AI Project #2: Learning the Market

Due Monday 2/11/13, 11:59 PM

In this project, you will be using Adaboost and decision stumps to discover connections between different pieces of the stock market. Specifically, you will see how well you can predict whether the NASDAQ Composite Index went up or down on a given day, given the performance of the 30 stocks in the Dow Jones Industrial average.

To assist you in this project, I have located and massaged (somewhat!) the data you will need. From here I obtained daily data for the stocks in the S&P 500 (which is a superset of the Dow stocks). This file, which is described on the page in the link given, is here [Caution! 5MB text file! Right-click and Save-as!]. Note that you will need to filter out (either by hand or in a program somewhere) just the 30 stocks that you are allowed to use. The 30 stocks currently in the Dow are listed here. For the output, I got historical data for the NASDAQ composite from here - I have modified the date format to make it the same as the other file, and you can get that here. Note that this file does not include the exact data you need to learn (i.e. whether it went up or down between the open and the close) but it can be easily determined from the given data.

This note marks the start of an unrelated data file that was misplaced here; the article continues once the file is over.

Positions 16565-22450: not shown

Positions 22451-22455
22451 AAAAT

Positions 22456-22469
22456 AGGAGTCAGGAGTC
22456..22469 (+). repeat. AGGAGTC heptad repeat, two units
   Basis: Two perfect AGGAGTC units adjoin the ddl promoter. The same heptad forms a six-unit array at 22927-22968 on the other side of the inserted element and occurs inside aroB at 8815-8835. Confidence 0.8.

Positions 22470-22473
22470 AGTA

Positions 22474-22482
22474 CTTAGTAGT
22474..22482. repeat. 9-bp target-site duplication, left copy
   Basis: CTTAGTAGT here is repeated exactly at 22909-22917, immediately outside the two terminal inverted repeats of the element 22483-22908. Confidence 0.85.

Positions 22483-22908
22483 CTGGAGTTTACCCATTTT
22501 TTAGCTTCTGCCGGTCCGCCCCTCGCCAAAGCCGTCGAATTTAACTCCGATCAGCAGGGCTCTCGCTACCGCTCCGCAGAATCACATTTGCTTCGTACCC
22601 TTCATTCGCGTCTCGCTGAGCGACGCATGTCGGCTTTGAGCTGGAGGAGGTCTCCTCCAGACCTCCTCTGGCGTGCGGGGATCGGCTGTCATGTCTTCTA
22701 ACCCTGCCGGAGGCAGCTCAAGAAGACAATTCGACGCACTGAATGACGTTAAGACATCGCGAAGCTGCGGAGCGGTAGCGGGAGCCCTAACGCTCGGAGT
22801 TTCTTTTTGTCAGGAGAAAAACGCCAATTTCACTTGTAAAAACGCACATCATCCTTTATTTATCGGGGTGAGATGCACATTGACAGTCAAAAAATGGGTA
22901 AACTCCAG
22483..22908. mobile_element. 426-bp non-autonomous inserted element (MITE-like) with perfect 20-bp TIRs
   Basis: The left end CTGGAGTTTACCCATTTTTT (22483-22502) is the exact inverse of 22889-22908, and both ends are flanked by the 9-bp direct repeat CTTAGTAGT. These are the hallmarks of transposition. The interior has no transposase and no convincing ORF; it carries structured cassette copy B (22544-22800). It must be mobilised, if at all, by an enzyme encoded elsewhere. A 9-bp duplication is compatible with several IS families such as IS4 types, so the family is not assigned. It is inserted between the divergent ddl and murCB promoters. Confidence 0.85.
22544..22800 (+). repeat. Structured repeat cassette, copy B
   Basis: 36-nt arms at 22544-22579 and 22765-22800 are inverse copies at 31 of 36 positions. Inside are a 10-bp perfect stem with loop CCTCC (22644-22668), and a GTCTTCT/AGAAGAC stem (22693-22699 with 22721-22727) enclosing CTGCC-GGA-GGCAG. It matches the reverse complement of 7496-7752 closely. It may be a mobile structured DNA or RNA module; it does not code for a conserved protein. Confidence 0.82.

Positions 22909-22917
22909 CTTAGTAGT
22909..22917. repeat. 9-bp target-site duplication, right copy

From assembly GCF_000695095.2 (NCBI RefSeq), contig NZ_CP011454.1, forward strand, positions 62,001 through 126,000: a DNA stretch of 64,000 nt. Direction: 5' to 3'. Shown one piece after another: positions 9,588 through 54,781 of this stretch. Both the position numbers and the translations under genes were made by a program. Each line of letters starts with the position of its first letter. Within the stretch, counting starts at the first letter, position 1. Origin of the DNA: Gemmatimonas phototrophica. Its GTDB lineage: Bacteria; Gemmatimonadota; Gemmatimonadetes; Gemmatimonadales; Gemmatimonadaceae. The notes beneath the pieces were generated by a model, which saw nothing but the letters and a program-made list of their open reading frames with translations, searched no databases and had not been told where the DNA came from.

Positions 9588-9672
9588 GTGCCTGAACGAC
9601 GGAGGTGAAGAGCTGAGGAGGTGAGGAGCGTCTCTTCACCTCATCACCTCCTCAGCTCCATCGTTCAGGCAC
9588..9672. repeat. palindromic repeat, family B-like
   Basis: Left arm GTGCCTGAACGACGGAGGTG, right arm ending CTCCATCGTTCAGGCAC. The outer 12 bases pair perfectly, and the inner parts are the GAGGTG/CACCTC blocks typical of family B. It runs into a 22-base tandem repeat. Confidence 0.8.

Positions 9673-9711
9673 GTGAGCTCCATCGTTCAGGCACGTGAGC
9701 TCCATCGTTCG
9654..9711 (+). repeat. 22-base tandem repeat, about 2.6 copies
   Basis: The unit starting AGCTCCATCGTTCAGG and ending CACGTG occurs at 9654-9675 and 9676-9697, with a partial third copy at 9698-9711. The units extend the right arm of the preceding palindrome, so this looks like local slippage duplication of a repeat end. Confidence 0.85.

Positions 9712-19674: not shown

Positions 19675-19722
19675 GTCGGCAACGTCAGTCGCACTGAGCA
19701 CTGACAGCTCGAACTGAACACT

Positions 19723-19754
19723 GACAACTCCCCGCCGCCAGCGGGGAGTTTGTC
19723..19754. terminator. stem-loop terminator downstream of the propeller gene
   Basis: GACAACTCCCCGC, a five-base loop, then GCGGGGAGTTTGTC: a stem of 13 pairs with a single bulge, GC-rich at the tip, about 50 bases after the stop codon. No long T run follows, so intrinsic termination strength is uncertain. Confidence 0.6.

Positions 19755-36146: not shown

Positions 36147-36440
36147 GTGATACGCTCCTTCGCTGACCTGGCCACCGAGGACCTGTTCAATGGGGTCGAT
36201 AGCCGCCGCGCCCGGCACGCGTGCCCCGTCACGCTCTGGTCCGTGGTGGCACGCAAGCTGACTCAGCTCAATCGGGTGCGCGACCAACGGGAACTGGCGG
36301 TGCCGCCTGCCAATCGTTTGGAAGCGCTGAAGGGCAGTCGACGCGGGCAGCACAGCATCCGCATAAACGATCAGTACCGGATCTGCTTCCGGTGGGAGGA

To learn the relationship, you should use Adaboost, with decision stumps (one-level decision trees) as your individual models. Note that the textbook has an error in its Adaboost pseudocode: z[k] should be log((1-error)/error). Also, the more common way of doing the weight update is using the z value and updating all weights, as follows: w[j] = w[j]*exp(-z*y(j)*h(j)), where y(j) is the correct class for example j, and h(j) is the predicted class for the example using the current model. If your two classes are represented by +1 and -1, this will increase the weight when the model is wrong (exp(positive number)) and decrease when the model is right (exp(negative number)).

Your code must be written in C, C++, Java, or Python. Regardless of language, you must provide three entry points (independently callable from the command line, whether functions, classes or executables):

In addition, you must provide a discussion of your training process. Explain what options you gave to your learner in terms of creating different stumps, and how you decided what options worked best. What is the best single stump that you found, in terms of correct classification? What is the best result you got for a collection of 3, 5 and 10 stumps? Did you get any improved results with more than 10 stumps?

Submit all of your code, including any data files if you modified them (so that we can test your learner), via submit:

submit zjb-grd project2 all-file-names